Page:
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CHMOD(2) System Calls Manual CHMOD(2)

chmod, lchmod, fchmod, fchmodatchange mode of file

library “libc”

#include <sys/stat.h>

int
chmod(const char *path, mode_t mode);

int
lchmod(const char *path, mode_t mode);

int
fchmod(int fd, mode_t mode);

#include <sys/stat.h>
#include <fcntl.h>

int
fchmodat(int fd, const char *path, mode_t mode, int flag);

The function chmod() sets the file permission bits of the file specified by the pathname path to mode. fchmod() sets the permission bits of the specified file descriptor fd. lchmod() is like chmod() except in the case where the named file is a symbolic link, in which case lchmod() sets the permission bits of the link, while chmod() sets the bits of the file the link references.

fchmodat() works the same way as chmod() (or lchmod() if AT_SYMLINK_NOFOLLOW is set in flag) except if path is relative. In that case, it is looked up from a directory whose file descriptor was passed as fd. Search permission is required on this directory. fd except if that file descriptor was opened with the O_SEARCH flag. fd can be set to AT_FDCWD in order to specify the current directory.

chmod() verifies that the process owner (user) either owns the file specified by path (or fd), or is the super-user. A mode is created from or'd permission bit masks defined in <sys/stat.h>:

#define S_IRWXU 0000700    /* RWX mask for owner */
#define S_IRUSR 0000400    /* R for owner */
#define S_IWUSR 0000200    /* W for owner */
#define S_IXUSR 0000100    /* X for owner */

#define S_IRWXG 0000070    /* RWX mask for group */
#define S_IRGRP 0000040    /* R for group */
#define S_IWGRP 0000020    /* W for group */
#define S_IXGRP 0000010    /* X for group */

#define S_IRWXO 0000007    /* RWX mask for other */
#define S_IROTH 0000004    /* R for other */
#define S_IWOTH 0000002    /* W for other */
#define S_IXOTH 0000001    /* X for other */

#define S_ISUID 0004000    /* set user id on execution */
#define S_ISGID 0002000    /* set group id on execution */
#define S_ISVTX 0001000    /* sticky bit */

The mode ISVTX (the ‘sticky bit’) can be set on regular files, but has no effect. For historical reasons this can be done only by the super-user.

If mode ISVTX (the ‘sticky bit’) is set on a directory, an unprivileged user may not delete or rename files of other users in that directory. The sticky bit may be set by any user on a directory which the user owns or has appropriate permissions.

For more information about the history and properties of the sticky bit, see sticky(7).

Changing the owner of a file turns off the set-user-id and set-group-id bits; writing to a file turns off the set-user-id and set-group-id bits unless the user is the super-user. This makes the system somewhat more secure by protecting set-user-id (set-group-id) files from remaining set-user-id (set-group-id) if they are modified, at the expense of a degree of compatibility.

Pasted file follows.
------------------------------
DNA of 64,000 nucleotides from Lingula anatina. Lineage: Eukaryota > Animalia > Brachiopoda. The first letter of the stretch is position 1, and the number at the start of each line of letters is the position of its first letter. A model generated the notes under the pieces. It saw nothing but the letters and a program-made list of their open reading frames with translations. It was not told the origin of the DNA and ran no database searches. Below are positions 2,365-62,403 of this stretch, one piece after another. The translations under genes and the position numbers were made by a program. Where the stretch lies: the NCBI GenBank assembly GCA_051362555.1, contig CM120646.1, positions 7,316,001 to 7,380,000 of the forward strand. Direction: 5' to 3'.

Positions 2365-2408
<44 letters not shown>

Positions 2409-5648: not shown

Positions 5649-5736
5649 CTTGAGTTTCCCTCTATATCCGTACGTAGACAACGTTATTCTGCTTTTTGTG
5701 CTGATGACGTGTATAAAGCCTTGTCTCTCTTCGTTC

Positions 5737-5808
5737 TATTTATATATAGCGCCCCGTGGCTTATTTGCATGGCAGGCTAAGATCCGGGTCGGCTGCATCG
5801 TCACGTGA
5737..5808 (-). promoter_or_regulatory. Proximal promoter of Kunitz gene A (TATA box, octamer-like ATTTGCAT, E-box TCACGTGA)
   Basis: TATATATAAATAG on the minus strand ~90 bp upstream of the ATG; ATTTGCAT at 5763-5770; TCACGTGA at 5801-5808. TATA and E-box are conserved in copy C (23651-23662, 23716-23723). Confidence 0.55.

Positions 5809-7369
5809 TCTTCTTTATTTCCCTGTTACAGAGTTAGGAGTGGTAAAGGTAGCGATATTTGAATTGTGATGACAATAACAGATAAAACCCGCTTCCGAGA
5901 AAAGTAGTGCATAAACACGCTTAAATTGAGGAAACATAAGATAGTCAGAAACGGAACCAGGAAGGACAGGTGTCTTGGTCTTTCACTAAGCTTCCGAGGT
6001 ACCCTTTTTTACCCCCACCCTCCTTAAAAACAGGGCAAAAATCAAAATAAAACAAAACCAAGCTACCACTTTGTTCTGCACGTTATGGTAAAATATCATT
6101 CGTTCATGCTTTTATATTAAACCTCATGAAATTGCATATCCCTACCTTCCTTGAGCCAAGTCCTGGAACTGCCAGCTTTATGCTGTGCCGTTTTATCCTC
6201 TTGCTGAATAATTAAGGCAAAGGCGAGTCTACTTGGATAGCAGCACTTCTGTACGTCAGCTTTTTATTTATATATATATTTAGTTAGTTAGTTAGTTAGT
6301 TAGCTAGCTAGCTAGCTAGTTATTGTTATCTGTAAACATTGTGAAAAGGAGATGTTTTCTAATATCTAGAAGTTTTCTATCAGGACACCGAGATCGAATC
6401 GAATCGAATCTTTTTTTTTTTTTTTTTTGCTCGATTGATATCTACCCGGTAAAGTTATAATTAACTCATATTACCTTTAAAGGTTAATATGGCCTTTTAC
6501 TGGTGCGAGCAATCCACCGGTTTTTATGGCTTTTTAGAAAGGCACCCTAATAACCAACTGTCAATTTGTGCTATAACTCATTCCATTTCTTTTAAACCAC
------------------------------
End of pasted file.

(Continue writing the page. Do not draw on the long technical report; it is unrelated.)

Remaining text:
The chmod(), lchmod(), fchmod(), and fchmodat() functions return the value 0 if successful; otherwise the value -1 is returned and the global variable errno is set to indicate the error.

chmod(), lchmod() and fchmodat() will fail and the file mode will be unchanged if:

[]
Search permission is denied for a component of the path prefix.
[]
path points outside the process's allocated address space.
[]
The effective user ID is not the super-user, the mode includes the sticky bit (S_ISVTX), and path does not refer to a directory.
[]
An I/O error occurred while reading from or writing to the file system.
[]
Too many symbolic links were encountered in translating the pathname.
[]
A component of a pathname exceeded {NAME_MAX} characters, or an entire path name exceeded {PATH_MAX} characters.
[]
The named file does not exist.
[]
A component of the path prefix is not a directory.
[]
The effective user ID does not match the owner of the file and the effective user ID is not the super-user; or the mode includes the setgid bit (S_ISGID) but the file's group is neither the effective group ID nor is it in the group access list.
[]
The named file resides on a read-only file system.

In addition, fchmodat() will fail if:

[]
path does not specify an absolute path and fd is neither AT_FDCWD nor a valid file descriptor open for reading or searching.
[]
path is not an absolute path and fd is a file descriptor associated with a non-directory file.

fchmod() will fail if:

[]
The descriptor is not valid.
[]
The effective user ID is not the super-user, the mode includes the sticky bit (S_ISVTX), and fd does not refer to a directory.
[]
fd refers to a socket, not to a file.
[]
An I/O error occurred while reading from or writing to the file system.
[]
The effective user ID does not match the owner of the file and the effective user ID is not the super-user; or the mode includes the setgid bit (S_ISGID) but the file's group is neither the effective group ID nor is it in the group access list.
[]
The file resides on a read-only file system.

chmod(1), chflags(2), chown(2), open(2), stat(2), getmode(3), setmode(3), sticky(7), symlink(7)

The chmod() function conforms to IEEE Std 1003.1-1990 (“POSIX.1”). fchmodat() function conforms to IEEE Std 1003.1-2008 (“POSIX.1”).

The fchmod() function call appeared in 4.2BSD. The lchmod() function call appeared in NetBSD 1.3.

July 29, 2013 NetBSD-7.0.1